A sequel to Miss Congeniality tends to typecast Sandra Bullock, writes Ervell E. Menezes
So, Hollywood’s obsession with sequels continues and we have Miss Congeniality 2 : Armed and Fabulous giving us the further exploits of FBI agent Gracie Hart (Sandra Bullock) whose undercover work as a contestant in the Miss United States beauty pageant left more than fond memories of this ideal "girl next door" who has created her own persona as a shy, afraid-of-involvement, lonely woman.
Once again Sandra Bullock
conforms to her single status because as Gracie Hart she has just split
from her colleague boy-friend and so she has to immerse herself fully
into her work. "Three weeks ago she was nice and amiable, or so a
newspaper report screamed. She is "the new face of the Federal
Bureau of Investigation (FBI)" and is quite easily recognisable in
the streets because of the media coverage. Now, snorting under the
break-up, she doesn’t find the publicity elevating.
Preparing her for the new task are helpful colleagues like her boss (Ernie Hudson). She also has a personal stylist Joel (Diedrich Bader) who doesn’t find her too co-operative. "This is like teaching a dog to be a butterfly," is his snide remark. Neither is her new partner Sam Fuller (Regina King) very co-operative. She’s Black and has a thing about Whites. Then there’s local FBI supervisor Collins (Treat Williams) who has his own agenda. So between zig-zagging between these wily characters and a gamut of unruly incidents we have Sandra Bullock, smirking, sulking, frowning and occasionally smiling in all of 120 minutes.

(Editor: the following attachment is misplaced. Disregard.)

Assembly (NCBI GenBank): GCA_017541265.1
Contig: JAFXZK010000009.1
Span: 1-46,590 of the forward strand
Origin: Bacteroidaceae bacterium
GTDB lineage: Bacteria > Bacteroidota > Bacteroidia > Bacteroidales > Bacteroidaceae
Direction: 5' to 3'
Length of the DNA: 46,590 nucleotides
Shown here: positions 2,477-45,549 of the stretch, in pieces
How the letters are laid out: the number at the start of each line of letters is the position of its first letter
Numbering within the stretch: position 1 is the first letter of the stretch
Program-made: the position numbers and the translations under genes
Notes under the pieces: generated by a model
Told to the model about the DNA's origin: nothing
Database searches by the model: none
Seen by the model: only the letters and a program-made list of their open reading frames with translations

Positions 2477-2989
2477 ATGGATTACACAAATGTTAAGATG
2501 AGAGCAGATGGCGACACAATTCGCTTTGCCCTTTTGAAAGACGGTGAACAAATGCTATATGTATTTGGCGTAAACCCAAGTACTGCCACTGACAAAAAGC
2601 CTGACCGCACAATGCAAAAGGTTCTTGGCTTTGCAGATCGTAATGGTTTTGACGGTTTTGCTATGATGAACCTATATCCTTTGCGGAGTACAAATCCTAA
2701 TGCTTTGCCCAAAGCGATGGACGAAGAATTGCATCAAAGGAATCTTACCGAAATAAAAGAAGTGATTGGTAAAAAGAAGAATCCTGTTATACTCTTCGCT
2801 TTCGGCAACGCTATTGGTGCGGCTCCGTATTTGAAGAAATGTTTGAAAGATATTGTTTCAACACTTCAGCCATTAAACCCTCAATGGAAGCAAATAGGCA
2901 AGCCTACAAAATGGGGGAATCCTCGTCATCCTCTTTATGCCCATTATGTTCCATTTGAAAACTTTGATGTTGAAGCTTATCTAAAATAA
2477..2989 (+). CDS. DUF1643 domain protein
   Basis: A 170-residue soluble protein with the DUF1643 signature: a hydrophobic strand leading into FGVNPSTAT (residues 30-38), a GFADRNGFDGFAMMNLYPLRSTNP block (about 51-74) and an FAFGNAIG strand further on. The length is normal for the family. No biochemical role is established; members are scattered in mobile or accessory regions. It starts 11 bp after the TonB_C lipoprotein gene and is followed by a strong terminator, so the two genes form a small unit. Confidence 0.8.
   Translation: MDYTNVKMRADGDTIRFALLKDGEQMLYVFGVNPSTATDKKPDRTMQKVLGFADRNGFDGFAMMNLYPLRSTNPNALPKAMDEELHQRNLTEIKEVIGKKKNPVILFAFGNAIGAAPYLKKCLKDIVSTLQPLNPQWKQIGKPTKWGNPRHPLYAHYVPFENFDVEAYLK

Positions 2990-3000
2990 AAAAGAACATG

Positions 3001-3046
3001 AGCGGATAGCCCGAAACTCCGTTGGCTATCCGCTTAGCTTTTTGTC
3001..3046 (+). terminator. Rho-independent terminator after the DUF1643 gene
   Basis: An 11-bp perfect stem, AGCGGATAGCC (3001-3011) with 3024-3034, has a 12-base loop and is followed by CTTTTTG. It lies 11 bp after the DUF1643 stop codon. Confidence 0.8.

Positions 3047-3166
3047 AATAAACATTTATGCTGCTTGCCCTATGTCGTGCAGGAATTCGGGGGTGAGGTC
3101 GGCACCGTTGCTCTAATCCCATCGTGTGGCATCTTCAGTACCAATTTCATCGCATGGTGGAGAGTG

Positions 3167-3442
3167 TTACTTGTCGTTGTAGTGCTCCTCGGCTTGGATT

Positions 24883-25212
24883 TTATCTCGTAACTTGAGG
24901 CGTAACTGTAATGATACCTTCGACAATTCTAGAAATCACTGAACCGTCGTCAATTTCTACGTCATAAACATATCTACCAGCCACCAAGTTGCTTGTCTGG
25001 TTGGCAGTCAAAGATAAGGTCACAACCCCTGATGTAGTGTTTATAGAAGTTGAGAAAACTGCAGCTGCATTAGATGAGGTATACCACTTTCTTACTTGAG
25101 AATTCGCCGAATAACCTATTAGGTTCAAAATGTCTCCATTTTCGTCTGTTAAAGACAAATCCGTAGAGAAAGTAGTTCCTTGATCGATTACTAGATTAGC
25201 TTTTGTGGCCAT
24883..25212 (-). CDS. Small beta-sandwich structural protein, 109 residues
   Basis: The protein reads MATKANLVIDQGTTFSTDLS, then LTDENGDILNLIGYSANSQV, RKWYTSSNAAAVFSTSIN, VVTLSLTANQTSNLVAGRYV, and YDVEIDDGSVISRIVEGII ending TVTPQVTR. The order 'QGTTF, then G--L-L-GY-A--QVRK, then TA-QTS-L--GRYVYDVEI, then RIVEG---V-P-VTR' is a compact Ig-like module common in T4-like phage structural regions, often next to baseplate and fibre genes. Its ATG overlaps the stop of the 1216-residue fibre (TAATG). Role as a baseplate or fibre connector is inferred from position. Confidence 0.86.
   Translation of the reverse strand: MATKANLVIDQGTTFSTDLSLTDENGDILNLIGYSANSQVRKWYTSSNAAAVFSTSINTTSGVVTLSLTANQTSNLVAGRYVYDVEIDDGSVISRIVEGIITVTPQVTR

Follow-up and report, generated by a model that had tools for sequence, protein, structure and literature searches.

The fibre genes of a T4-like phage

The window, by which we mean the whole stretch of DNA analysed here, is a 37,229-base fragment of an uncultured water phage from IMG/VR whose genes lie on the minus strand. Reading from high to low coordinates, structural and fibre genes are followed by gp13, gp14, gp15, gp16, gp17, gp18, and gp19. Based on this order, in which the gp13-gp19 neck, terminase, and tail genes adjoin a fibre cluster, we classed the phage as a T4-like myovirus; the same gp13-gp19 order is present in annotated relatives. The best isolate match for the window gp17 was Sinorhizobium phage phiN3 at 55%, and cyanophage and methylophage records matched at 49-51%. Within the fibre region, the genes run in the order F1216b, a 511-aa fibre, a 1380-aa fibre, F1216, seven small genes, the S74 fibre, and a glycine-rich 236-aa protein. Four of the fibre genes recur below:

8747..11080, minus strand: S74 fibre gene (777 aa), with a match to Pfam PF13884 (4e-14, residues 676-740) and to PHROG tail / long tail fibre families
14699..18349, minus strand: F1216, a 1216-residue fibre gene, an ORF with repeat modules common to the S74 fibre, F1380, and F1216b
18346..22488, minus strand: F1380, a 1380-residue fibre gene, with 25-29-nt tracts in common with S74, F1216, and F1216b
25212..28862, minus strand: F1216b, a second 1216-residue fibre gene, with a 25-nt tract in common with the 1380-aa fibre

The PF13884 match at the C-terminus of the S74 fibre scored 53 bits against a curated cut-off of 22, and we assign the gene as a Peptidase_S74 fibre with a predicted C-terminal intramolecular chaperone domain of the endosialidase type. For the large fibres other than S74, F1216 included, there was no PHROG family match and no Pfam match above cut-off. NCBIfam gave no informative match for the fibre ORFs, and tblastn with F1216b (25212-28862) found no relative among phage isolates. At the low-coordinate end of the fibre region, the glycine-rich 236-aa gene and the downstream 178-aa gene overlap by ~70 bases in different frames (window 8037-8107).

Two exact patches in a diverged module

If one said the fare is absorbing it would be a blatant lie. The rapprochement between Gracie and Sam does come off well but the accent is on the action. From New York to Las Vegas to drag clubs and finally to a Treasure Island of sorts the fare is a best tolerable. The final showdown, when it eventually comes, is a bit of a damp squib. The saving graces, however, are the asides on Liza Minnelli and her Cabaret sequence and the a scene reminiscent of Isadora Duncan falling victim to her scarf.
Treat Williams makes an
appearance after a long while and Regina Fuller overdoes her hostile
act. William Shatner is not the shadow (in weight though, double) of his
former self. As for director John Pasquin he seems more concerned with
the glamour and glitz than with the story itself. Bullock too is tending
to get type-cast and just because she produces the film doesn’t give
her an "open sesame." On the contrary, it is time she finds a
new persona or else it will only be the road downhill for her. The
sooner she realises it the better.